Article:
Commerzbank is on the lookout for a new auditor. Deutsche Bank’s asset management business, having already chosen one, has changed its mind. The loser in both cases is Ernst & Young, which has found itself with a bit of egg on its face thanks to its role auditing Wirecard, the German fintech with the missing/invented $2 billion, missing executives, arrested executives and potential money laundering scandal—something Commerz is already plenty familiar with.
Still, if the Germans were looking for a reason to can EY, they needn’t have waited for this: EY has demonstrated incompetence, illegalities, ethical lapses and other fireable foibles plenty of times in the past. Unfortunately for any company in need of a brand-name auditor, so has KPMG—which got to keep its job at DWS after having been fired for EY; Wirecard is proving rather a boon for them—and every other professional services firm. So, uh, what’s the big deal about this particular EY fuck-up, however egregious, to the former and current naming-rights partners of Eintracht Frankfurt?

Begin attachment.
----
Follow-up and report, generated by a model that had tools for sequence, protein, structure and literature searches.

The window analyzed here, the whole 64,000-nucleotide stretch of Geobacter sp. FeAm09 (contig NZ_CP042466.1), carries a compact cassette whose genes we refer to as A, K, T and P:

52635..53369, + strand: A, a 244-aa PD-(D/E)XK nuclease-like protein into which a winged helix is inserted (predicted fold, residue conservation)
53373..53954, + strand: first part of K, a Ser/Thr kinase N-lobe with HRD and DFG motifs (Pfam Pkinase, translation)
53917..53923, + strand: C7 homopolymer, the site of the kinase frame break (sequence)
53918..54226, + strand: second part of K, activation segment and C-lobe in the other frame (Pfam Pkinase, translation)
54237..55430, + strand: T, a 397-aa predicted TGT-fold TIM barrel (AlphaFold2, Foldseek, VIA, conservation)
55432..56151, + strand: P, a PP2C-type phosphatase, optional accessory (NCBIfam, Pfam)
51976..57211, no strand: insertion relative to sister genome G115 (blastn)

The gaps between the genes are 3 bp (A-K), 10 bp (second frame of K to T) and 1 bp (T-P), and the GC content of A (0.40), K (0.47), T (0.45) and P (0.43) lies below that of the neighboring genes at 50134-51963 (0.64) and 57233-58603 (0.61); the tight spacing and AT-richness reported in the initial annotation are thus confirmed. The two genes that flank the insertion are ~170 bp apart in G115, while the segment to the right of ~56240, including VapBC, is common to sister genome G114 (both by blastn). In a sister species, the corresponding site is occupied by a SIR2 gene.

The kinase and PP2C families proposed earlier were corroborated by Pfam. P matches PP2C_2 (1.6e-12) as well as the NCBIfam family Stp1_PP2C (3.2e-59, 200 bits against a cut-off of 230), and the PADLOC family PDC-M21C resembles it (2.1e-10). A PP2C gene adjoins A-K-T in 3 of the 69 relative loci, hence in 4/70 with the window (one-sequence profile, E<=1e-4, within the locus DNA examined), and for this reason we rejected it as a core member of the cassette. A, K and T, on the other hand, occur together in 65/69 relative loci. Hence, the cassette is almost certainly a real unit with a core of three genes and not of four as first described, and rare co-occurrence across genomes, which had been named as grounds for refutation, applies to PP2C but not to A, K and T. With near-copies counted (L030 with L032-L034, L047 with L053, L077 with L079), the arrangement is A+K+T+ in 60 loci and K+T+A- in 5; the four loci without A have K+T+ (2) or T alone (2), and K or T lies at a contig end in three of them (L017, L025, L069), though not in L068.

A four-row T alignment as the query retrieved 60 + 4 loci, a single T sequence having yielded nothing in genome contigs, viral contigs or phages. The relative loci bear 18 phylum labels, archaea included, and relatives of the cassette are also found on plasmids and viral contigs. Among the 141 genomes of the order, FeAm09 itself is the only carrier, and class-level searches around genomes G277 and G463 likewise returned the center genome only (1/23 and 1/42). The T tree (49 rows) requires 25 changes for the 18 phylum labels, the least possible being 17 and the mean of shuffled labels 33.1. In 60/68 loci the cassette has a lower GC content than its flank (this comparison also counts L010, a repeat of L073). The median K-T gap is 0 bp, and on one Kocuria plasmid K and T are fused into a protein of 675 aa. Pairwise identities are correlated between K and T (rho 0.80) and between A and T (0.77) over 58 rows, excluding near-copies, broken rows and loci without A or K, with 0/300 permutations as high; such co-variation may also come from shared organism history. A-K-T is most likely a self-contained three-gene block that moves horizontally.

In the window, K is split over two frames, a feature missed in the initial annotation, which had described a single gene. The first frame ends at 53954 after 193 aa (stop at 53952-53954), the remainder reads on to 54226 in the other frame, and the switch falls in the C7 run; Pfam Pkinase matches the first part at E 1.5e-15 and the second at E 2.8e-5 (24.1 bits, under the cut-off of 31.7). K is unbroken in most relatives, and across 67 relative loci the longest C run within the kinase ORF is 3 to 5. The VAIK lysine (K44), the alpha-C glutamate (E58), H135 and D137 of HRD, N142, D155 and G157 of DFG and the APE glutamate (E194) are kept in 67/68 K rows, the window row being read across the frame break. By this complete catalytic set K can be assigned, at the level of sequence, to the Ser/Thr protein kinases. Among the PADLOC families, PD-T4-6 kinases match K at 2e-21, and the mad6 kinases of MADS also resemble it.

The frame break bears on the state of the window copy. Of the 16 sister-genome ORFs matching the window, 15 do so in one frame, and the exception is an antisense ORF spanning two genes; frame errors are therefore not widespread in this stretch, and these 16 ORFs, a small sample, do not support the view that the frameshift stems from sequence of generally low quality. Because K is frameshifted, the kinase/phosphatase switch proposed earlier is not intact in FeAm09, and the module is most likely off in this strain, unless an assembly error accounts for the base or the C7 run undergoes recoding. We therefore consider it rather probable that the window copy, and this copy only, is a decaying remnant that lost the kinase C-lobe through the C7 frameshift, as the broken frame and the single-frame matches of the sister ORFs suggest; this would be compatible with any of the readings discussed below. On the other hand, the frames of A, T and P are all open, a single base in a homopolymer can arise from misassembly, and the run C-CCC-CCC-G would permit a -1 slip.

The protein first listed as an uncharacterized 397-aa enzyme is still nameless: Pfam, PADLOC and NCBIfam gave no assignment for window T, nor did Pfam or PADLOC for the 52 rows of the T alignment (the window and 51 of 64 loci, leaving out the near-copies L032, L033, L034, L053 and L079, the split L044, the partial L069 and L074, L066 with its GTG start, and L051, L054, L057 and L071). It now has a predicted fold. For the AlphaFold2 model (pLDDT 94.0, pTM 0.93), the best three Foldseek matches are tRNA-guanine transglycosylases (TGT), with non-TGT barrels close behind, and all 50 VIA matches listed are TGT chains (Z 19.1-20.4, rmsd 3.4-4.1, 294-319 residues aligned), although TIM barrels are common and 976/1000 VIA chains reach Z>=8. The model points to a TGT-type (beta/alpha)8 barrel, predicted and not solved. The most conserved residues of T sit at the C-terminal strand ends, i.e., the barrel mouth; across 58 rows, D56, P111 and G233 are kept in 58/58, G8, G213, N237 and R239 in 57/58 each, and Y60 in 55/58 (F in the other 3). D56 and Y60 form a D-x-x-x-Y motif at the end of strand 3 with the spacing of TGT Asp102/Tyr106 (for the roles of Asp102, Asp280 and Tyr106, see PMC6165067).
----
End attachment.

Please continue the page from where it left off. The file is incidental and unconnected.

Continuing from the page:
Both would face conflicts of interest if they decided, for instance, to sue EY for any role it played in auditing Wirecard, while also being audited by it…. “This decision was made in an abundance of caution and under due consideration to avoid any possible future conflicts arising potentially from the role of EY as statutory auditor of Wirecard,” DWS said in a document laying out the agenda for its November annual general meeting, where shareholders must approve changes.
Of course, if DWS does decide to file suit against EY, that would just create yet another conflict of interest for its parent, which is pretty thirsty to bail Wirecard out for some reason, but, honestly, that seems like just about the least of Deutsche Bank’s many problems.